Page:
About two miles outside Clayton, traveling east on Marsh Creek Road, a road sign with a squiggly arrow cautions: "Next 8 miles."
Shortly after, the asphalt twists, turns, rises and falls, cutting through valleys and hanging on hillsides. A blind corner gives way to an S-curve, which precedes a 90-degree turn, just a short distance before a sign reading "Rock Slide Area."
The speed limit is 35 miles per hour for most of this stretch, but at a dozen points more signs warn motorists to drive slower. Solid double-yellow lines are constant reminders that passing other vehicles is a really bad idea.
The countryside is scenic -- oak and pine trees, hills and swales -- but if you lift your eyes to take it in, you risk becoming part of it. The two-lane pavement doesn't quit squirming until past Deer Valley Road, where the speed limit jumps to 50.
Once upon a time, this byway was lightly traveled. That was before the East Contra Costa construction-and-population boom, when Marsh Creek became a shortcut linking Antioch, Brentwood and Tracy to points west, and traffic of all sorts began traveling the road.
It hasn't been the same since. More than 6,100 vehicles travel the road daily, according to a 2008 traffic count by Contra Costa's public works department.
"The first time I drove it, I was doing the speed limit when I came around a corner and had to swerve to miss some bikers who were in the middle of the road," Karri Landers said. "Then I got passed on a curve by a big truck. I white-knuckled it all the way home."
Landers has had a Marsh Creek address for only four months, since becoming property manager for Clayton Regency Mobile Home Park, but she already has formed an opinion.
"I'm from Texas, so I'm used to crazy drivers, but that road scares me. You see people coming toward you drifting across the center line when they round a corner and you wonder: 'Don't they see me?' "
Terry Gross, a UPS driver who travels the road five days a week, remembers at least five nasty collisions in the past two years, but he faults drivers more than the road.
"I've seen guys take a turn too fast, then spin off and knock over a telephone pole," he said. "Speeding is the No. 1 problem."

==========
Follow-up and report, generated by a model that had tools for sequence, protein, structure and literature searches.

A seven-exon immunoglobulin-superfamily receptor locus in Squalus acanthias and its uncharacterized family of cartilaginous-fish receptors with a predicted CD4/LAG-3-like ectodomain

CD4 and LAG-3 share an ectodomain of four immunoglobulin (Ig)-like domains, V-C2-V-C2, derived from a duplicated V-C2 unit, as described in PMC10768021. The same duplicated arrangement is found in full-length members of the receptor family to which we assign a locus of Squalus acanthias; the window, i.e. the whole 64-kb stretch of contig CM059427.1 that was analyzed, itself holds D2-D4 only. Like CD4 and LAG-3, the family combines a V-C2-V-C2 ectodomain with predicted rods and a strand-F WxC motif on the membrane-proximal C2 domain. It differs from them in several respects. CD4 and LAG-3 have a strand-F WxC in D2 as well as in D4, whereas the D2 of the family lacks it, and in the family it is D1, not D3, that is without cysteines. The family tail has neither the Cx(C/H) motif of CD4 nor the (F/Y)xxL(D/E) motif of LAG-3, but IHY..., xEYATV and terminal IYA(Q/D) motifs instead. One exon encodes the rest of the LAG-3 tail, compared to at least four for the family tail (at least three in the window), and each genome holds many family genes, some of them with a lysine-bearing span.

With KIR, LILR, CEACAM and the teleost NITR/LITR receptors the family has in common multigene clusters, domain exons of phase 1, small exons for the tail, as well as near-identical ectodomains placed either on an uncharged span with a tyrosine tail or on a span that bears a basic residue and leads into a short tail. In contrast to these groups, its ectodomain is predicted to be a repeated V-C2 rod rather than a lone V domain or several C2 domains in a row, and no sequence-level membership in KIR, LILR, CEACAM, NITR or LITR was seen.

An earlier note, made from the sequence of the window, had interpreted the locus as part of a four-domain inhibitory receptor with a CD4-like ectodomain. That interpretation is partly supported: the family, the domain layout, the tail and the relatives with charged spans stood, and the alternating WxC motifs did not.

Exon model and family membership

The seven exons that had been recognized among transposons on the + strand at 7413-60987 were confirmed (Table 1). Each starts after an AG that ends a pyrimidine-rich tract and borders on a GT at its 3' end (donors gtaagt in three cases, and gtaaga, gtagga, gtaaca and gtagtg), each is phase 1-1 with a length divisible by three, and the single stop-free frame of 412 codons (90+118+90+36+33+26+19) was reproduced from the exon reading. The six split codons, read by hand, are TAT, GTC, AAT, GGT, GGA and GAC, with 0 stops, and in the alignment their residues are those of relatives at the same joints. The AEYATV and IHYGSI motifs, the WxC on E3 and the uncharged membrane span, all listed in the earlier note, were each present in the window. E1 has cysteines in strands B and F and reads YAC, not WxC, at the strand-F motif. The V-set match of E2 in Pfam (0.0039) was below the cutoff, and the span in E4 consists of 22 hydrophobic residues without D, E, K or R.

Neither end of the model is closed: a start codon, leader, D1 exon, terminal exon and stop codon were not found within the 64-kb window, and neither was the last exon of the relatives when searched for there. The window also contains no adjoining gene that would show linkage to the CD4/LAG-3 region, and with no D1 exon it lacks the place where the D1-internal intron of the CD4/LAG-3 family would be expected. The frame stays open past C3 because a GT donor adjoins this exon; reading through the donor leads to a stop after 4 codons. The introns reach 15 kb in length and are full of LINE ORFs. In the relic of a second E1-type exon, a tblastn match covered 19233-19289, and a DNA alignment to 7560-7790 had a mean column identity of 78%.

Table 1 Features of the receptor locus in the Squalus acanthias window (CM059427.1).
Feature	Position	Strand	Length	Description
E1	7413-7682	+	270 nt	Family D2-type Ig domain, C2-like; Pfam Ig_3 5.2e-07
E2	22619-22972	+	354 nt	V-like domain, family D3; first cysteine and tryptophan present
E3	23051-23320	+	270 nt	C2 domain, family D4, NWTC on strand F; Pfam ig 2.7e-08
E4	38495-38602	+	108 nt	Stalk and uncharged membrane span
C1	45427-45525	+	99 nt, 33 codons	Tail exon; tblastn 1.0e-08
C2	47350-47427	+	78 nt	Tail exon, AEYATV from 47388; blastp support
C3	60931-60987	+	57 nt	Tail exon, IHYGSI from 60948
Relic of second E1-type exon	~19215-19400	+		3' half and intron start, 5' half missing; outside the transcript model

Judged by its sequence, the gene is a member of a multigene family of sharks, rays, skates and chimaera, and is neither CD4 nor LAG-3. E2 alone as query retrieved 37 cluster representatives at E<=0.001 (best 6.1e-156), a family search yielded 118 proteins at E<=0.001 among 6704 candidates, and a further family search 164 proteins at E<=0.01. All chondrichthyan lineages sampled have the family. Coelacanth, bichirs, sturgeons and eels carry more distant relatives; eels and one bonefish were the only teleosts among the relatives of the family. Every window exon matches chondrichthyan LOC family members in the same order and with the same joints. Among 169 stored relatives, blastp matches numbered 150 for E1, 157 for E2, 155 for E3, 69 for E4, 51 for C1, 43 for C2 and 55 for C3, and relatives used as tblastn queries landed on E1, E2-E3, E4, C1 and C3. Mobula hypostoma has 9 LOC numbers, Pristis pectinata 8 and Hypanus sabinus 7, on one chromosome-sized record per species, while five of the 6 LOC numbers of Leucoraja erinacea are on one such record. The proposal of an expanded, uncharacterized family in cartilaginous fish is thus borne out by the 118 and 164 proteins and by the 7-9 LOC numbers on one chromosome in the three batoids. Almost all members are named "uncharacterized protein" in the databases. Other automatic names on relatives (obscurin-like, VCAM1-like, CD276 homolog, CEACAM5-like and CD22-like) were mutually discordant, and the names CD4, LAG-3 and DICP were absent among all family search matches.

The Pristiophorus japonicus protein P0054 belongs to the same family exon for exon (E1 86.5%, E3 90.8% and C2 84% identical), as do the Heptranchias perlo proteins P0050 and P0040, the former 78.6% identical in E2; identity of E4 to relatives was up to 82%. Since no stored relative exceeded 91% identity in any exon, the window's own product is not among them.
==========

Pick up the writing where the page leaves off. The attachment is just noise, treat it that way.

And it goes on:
He said the banked curves are easily navigable if you obey the speed limit, but many drivers do not. He often pulls off to the shoulder to let tailgaters pass.
That echoes the sentiment of California Highway Patrol Officer Tom Maguire, who patrolled Marsh Creek before becoming a spokesman for the agency.
"The No. 1 reason people get involved in collisions is speed," he said, noting that most drivers he cited were commuters.
He said those who use the road regularly become complacent about its hazards, and some of those rushing to work grow frustrated by slower drivers. "We see some impatience. Everybody thinks they're more important than everybody else."
Curiously, he said, more of the accidents happen east of Deer Valley Road, where the pavement flattens out and passing is legal.
"It's not as winding there," Maguire said, "so that means people drive a little faster."
Susanna Thompson, who has lived along that stretch for eight years, said she hears police or ambulance sirens about three times a month. From her front porch, she often sees vehicles exceeding the 50 mph speed limit. It's worst during the morning and evening commutes.
"It's not the road that's dangerous," she said. "It's people driving like idiots. I told my mom, 'After 3 p.m., it's not safe for you to be on this road.' "
People seem to forget, she said, that it isn't a thoroughfare, it's a "country road." Each blind turn can hide an unwelcome surprise -- a slow-moving tractor, a fallen boulder, a deer crossing the road -- and every upward tick of the speedometer reduces reaction time.
The biggest hazards on Marsh Creek Road often are the drivers.
Contact Tom Barnidge at email@example.com.